Doubts raised about new law designed to help revive the country’s struggling theatres.
By Nigar Musayeva in Baku (CRS No. 342, 01-June-06)
The cold and gloomy hall of the Russian Drama Theatre in Baku was barely half full. Most of the audience were from the Baku intelligentsia, traditionally the city’s most loyal theatre-goers. The remainder were young people, sitting here as a change from strolling through the city streets.
Grazing on crisps, cola and sweets, they crunched their way through a performance of Chekhov’s “Seagull” which dated back to Soviet times.
Theatre in Azerbaijan, like the other arts, has fallen on hard times after the break-up of the Soviet Union. The cash crisis meant that actors have gone unpaid, sets and costumes have not been replaced or old buildings repaired.
Theatre-lover Nailia Askerova, 36, said, “In the last ten years, audiences have basically lost their respect for the theatre. A trip to the theatre used to be almost an act of pilgrimage, people came here to exchange ideas, they dressed up in their best clothes. Nowadays it is regarded as something much more ordinary. You can turn up in jeans and be rowdy.”
“Who will put on their best clothes if plaster is falling off the ceiling during the performance?” said Nushaba Feizullayeva, another veteran theatre-goer.
Despite its dowdy look, the Russian Drama Theatre is in fact probably the most successful venue in Baku and its children’s performances every Sunday are very popular with mothers and children. Other theatres have greater problems attracting audiences, with the State Academic Drama Theatre often giving out its tickets to university students or state employees.
Azerbaijan currently has around 30 theatres, most of them in the capital. They include “theatres in exile” from the towns of Aghdam, Shusha and Yerevan.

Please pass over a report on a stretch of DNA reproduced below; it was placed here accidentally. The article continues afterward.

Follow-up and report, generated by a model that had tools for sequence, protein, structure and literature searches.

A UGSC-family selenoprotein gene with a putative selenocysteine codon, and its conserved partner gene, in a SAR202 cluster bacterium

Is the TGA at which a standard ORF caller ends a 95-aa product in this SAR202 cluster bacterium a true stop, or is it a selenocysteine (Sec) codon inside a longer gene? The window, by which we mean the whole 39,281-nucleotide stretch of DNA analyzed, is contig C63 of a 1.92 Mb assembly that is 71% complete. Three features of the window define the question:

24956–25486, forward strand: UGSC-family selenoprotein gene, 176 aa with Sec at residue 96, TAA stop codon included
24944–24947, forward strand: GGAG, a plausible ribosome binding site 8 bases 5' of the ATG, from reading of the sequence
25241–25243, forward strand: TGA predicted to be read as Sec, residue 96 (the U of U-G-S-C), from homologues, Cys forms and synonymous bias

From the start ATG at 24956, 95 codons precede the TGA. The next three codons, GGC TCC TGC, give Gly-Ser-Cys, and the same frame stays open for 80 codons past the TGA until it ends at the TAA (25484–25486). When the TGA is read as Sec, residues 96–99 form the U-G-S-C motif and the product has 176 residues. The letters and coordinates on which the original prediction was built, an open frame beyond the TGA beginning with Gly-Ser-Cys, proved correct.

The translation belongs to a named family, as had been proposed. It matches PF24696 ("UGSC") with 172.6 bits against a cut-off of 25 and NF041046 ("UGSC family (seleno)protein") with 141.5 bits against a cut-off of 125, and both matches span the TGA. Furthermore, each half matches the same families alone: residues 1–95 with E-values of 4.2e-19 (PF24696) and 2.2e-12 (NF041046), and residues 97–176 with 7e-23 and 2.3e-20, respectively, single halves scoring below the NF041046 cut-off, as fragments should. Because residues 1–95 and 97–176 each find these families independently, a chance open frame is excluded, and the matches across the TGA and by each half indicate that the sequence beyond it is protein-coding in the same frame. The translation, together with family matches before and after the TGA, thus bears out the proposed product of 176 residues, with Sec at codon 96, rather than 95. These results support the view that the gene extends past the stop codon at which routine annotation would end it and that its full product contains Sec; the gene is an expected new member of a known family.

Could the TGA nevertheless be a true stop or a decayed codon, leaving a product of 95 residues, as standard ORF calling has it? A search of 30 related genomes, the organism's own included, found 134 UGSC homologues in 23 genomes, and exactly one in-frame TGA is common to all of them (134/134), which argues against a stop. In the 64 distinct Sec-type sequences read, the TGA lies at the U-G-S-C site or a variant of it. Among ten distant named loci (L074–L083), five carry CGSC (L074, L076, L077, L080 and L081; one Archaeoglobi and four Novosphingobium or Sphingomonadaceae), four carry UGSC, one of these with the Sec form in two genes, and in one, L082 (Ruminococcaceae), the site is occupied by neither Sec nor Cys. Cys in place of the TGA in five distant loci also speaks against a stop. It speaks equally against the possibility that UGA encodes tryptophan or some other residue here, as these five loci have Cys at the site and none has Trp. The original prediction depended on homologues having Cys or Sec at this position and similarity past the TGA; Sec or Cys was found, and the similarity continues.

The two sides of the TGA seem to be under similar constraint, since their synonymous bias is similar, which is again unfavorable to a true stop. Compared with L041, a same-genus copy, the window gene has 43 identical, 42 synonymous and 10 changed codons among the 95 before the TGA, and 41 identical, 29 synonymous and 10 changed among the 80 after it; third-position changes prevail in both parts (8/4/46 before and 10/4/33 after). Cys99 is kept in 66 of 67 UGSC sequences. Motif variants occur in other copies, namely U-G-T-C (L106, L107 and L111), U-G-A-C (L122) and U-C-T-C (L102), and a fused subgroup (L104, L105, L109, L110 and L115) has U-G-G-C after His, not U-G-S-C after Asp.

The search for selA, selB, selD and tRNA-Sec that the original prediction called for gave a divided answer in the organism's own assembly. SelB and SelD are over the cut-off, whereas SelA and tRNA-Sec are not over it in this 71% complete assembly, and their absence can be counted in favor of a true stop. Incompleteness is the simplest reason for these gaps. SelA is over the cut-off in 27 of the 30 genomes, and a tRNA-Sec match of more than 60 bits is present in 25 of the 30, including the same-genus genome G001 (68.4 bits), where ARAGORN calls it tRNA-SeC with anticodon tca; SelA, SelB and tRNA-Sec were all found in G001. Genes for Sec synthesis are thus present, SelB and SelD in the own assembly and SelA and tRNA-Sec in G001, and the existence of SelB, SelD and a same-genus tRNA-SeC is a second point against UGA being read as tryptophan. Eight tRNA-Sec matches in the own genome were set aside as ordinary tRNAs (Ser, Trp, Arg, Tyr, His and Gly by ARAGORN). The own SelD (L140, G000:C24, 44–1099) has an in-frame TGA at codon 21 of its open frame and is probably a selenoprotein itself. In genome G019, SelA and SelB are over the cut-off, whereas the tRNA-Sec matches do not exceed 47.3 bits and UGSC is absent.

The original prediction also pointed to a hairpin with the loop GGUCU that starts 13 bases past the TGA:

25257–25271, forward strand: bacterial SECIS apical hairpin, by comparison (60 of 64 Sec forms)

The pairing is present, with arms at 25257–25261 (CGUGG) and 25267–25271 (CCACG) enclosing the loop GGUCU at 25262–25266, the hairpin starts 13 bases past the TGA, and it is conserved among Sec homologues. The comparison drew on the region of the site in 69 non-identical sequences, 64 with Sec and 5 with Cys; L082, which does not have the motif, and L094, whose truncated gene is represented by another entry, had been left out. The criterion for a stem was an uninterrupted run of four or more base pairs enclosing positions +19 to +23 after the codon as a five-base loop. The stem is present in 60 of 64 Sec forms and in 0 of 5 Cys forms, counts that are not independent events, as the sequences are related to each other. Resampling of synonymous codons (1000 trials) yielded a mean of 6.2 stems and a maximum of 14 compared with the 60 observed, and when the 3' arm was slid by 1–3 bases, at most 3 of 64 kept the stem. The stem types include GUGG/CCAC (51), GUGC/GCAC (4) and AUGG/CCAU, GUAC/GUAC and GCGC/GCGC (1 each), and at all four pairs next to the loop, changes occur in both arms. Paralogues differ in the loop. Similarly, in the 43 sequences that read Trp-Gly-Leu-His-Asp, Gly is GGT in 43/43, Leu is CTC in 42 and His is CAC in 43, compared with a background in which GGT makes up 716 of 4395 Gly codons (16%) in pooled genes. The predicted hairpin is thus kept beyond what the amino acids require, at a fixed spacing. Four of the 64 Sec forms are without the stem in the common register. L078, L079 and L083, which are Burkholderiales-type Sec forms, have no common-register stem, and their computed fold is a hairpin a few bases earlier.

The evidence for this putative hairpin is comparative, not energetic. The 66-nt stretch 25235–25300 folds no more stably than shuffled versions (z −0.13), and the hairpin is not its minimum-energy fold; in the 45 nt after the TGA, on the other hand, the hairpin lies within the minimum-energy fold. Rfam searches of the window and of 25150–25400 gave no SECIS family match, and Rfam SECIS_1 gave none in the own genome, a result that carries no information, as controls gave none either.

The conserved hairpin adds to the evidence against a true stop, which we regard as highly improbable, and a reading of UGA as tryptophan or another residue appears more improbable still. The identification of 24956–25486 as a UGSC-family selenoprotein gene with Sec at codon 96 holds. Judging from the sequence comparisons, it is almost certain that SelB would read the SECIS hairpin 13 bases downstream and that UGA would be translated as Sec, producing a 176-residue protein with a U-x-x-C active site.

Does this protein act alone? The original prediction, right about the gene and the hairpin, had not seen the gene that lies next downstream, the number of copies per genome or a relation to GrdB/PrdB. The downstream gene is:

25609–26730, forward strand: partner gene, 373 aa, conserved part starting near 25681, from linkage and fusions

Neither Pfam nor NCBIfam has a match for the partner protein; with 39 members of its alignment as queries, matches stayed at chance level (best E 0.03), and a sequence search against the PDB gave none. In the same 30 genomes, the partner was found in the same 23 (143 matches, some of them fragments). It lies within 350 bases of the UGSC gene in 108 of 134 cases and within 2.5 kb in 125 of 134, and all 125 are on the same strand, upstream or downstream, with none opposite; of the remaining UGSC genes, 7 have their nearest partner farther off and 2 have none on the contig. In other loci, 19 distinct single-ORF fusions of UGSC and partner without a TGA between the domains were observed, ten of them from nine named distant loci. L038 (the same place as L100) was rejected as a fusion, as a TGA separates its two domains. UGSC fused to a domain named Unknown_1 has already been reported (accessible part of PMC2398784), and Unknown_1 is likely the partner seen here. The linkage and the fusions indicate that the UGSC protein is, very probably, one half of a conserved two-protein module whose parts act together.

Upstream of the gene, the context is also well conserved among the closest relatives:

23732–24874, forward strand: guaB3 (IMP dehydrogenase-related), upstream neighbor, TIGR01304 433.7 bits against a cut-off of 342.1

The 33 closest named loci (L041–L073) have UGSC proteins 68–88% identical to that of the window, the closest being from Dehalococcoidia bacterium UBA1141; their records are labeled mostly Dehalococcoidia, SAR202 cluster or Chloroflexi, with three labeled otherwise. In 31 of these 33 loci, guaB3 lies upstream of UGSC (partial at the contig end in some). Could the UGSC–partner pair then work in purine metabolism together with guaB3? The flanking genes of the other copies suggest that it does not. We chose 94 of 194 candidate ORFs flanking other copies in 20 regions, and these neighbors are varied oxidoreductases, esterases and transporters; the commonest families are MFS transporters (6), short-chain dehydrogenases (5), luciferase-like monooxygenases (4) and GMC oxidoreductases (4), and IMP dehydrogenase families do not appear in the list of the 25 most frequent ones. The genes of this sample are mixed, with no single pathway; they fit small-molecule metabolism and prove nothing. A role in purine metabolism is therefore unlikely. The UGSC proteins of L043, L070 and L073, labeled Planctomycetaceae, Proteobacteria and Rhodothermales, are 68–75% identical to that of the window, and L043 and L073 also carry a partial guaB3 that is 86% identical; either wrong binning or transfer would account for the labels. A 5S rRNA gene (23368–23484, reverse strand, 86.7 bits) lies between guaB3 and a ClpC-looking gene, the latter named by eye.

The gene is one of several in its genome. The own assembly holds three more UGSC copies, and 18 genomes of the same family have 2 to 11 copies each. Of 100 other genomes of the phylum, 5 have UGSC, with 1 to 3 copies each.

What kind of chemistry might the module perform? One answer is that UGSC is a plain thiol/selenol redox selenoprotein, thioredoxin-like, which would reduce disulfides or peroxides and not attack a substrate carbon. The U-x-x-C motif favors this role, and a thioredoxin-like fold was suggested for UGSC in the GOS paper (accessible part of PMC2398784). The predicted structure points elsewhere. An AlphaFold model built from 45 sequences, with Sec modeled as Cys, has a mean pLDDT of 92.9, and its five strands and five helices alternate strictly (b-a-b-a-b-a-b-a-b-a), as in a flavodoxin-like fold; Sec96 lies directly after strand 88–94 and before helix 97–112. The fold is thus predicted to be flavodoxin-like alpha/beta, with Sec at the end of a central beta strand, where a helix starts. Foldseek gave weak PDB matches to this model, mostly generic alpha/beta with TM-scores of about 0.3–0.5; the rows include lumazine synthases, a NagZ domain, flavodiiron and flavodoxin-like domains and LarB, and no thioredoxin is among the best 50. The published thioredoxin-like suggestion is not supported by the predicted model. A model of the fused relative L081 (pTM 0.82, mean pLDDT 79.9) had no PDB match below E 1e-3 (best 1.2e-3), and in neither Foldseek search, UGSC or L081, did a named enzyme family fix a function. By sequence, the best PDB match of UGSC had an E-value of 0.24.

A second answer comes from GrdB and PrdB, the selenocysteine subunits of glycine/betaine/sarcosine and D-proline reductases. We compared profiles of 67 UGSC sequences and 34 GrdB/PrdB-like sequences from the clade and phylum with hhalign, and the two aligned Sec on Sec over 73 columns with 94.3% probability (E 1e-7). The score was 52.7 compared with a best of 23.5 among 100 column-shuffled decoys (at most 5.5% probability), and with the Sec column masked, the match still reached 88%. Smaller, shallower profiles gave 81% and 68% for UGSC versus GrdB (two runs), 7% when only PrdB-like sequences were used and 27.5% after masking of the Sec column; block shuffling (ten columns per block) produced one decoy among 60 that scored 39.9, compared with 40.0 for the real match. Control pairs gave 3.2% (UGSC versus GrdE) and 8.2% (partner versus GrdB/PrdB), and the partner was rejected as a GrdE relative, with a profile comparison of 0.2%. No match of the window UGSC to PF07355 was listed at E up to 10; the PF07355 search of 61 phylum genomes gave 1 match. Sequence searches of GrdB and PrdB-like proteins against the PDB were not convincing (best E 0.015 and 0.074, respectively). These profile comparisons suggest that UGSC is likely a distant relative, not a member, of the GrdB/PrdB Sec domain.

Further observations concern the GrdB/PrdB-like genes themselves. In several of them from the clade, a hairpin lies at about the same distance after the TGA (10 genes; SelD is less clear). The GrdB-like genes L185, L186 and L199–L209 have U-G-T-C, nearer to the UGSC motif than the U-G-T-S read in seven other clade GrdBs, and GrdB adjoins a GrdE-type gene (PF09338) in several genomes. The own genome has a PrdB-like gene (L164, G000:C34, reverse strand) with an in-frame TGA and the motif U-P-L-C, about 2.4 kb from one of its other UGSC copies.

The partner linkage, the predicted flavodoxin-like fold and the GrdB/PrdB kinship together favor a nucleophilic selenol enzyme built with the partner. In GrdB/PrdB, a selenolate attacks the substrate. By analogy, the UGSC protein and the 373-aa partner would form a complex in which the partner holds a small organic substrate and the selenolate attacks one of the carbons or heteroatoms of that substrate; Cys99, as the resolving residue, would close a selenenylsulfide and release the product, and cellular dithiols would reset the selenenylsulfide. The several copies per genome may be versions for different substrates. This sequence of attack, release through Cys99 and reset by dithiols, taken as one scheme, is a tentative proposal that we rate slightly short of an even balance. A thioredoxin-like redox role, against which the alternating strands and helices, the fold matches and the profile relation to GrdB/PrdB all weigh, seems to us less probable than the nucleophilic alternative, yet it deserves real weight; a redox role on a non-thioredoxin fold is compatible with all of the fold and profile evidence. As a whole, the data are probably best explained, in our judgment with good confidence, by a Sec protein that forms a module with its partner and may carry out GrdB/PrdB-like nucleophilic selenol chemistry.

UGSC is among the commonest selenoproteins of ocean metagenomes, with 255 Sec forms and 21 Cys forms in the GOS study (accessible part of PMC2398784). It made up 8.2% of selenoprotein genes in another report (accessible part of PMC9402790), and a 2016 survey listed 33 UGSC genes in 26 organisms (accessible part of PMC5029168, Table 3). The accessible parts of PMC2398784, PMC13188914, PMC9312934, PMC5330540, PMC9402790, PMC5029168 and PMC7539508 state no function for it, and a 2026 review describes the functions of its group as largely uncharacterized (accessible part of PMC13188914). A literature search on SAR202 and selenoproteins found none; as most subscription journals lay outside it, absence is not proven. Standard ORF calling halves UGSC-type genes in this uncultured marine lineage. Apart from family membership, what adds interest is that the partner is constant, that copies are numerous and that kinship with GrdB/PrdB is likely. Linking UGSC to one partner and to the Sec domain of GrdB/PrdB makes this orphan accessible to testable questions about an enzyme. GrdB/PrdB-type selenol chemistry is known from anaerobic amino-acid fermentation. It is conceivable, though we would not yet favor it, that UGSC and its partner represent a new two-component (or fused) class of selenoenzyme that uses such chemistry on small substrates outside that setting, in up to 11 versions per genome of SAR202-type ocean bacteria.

The first theatre was opened 133 years ago and the history of Azerbaijani drama dates back to 1908 when Uzeir Hajibekov’s Leila and Mejnun, called “the first opera of the Muslim East”, was staged in Baku.
All of the country’s theatres are now state-subsidised and all of them are badly in need of repairs. All are at least 20 years old, with peeling plaster, worn seats and dulling facades.
Actors are also in dire financial straits. Alexander Voinov, 25, works as a translator and appears in occasional plays. He dreams of being a full-time actor, but is deterred by a salary which is worth only 30 US dollars a month.
“You can’t live on that kind of money,” said Voinov. “I see how hard it is for actors in our theatres. Most of them, even the well-known actors, are forced to find ways of earning extra money.”
A new law is currently being debated in parliament which is supposed to help the theatres put their worst times behind them, but it is already proving controversial.
The idea for a new law arose in January when a new ministry of culture and tourism was created in Azerbaijan, headed by Abulfas Garayev. The new minister promised that the state would fund repairs for several Baku theatres.
Azerbaijan does not have a single private theatre. The theatrical studios which opened in the late Soviet period all became state theatres, when offered the promise of state subsidies.